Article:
Opposer filed a motion for sanctions based on Applicant’s alleged failure to communicate with Opposer to arrange a discovery conference or to participate in the discovery conference. The TTAB denied Opposer’s motion, finding that Opposer had not taken sufficient steps to facilitate a resolution of the parties’ problems scheduling a discovery conference to warrant the imposition of sanctions on Applicant.
Pursuant to Trademark Rule 2.220(a)(1) and (a)(2), the parties were required to conduct a discovery conference on or before May 23, 2008. Opposer sent letters to Applicant’s counsel of record, Michael Kroll, on April 10, 2008, and May 15, 2008, and left him a telephone message on May 20, 2008, attempting to schedule the discovery conference. On May 30, 2008, Opposer filed a motion requesting a sanction “extending Opposer’s discovery period by the number of days past the discovery conference deadline until Applicant participates in a discovery conference.”
In response to Opposer’s motion, Applicant claimed that he was not contacted by Opposer due to a “misunderstanding or miscommunication,” namely, that Edwin Schindler, not Mr. Kroll, was Applicant’s attorney. Applicant also argued that Opposer should have known that Mr. Schindler was his attorney because he had signed certain filings in connection with the proceeding. Further, Applicant asserted that Mr. Schindler eventually contacted Opposer by email on June 27, 2008, in an attempt to schedule the discovery conference (after Opposer had filed its motion for sanctions), but that Opposer did not respond.
In response to Applicant’s arguments, Opposer asserted that it did not know Mr. Schindler claimed to be an attorney of record in the case until June 9, 2008, after Opposer’s motion for sanctions was filed and after the deadline for the discovery conference.
Regarding Applicant’s conduct, the TTAB found that (1) it was the responsibility of Applicant and his attorney of record to enter any changes in representation and correspondence address; (2) if Applicant had complied with these rules, it would have facilitated Opposer’s efforts to schedule the conference, and; (3) Applicant had not demonstrated more than a “lackluster” attempt to schedule the discovery conference. On the other hand, the TTAB found that Opposer was not entirely blameless because it had contact information for Mr. Kroll and Mr. Schindler either prior to the filing of its motion for sanctions or shortly thereafter and Opposer did not contact Mr. Schindler. Also, Opposer did not respond to Mr. Schindler’s belated attempt to communicate with Opposer about the discovery conference, and Opposer could have done more to facilitate a resolution of the parties’ problems, including by requesting the TTAB’s participation in the discovery conference, which may have eliminated the need to file the motion for sanctions. For these reasons, the Board denied Opposer’s motion for sanctions in the form of extending discovery for only Opposer.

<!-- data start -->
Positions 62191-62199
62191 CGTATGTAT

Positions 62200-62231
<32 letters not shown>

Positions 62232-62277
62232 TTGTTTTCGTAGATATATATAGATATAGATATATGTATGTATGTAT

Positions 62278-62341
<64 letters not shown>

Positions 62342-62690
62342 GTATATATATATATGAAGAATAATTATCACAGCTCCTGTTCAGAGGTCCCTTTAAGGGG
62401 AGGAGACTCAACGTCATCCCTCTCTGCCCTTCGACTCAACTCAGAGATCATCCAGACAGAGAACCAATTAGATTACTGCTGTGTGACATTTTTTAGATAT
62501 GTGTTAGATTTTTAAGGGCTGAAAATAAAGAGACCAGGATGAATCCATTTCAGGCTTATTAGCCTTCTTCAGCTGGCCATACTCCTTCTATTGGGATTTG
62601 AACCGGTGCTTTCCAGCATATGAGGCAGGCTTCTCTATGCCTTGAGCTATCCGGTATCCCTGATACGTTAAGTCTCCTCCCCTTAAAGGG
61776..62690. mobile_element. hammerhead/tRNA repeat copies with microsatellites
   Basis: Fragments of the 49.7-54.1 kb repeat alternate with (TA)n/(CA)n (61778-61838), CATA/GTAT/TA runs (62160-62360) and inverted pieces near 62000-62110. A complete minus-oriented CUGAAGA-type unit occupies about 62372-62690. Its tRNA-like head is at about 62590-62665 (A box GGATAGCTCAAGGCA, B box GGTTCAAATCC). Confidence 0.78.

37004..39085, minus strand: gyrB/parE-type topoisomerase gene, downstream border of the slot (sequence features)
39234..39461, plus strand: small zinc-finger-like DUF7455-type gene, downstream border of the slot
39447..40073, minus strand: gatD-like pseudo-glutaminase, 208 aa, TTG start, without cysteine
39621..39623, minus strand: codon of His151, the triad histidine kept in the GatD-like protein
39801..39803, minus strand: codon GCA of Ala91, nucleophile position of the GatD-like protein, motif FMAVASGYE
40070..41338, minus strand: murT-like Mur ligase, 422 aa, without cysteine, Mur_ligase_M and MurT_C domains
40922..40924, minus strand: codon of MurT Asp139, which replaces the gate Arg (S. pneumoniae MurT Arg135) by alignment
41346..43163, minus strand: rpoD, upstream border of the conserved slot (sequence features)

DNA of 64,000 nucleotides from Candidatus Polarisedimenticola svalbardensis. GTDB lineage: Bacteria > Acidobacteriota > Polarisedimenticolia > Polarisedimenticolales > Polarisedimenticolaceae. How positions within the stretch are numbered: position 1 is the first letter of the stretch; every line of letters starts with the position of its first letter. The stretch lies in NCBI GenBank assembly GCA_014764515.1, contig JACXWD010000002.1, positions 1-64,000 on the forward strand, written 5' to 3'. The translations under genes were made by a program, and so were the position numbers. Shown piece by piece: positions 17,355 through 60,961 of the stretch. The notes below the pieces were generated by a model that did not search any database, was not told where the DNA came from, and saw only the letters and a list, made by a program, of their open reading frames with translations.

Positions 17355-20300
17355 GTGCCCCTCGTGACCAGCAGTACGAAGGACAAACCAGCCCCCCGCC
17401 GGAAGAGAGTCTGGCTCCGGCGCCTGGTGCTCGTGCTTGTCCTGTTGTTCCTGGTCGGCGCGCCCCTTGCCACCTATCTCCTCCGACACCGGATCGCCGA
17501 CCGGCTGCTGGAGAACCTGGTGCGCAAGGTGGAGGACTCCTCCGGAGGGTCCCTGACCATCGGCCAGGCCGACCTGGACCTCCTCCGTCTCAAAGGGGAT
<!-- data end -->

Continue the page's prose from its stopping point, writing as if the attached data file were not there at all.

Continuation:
Where one party fails to participate in a discovery conference, the other party should take reasonable steps to mitigate any prejudice it may suffer as a result of the delay, including by requesting the Board’s participation in the discovery conference.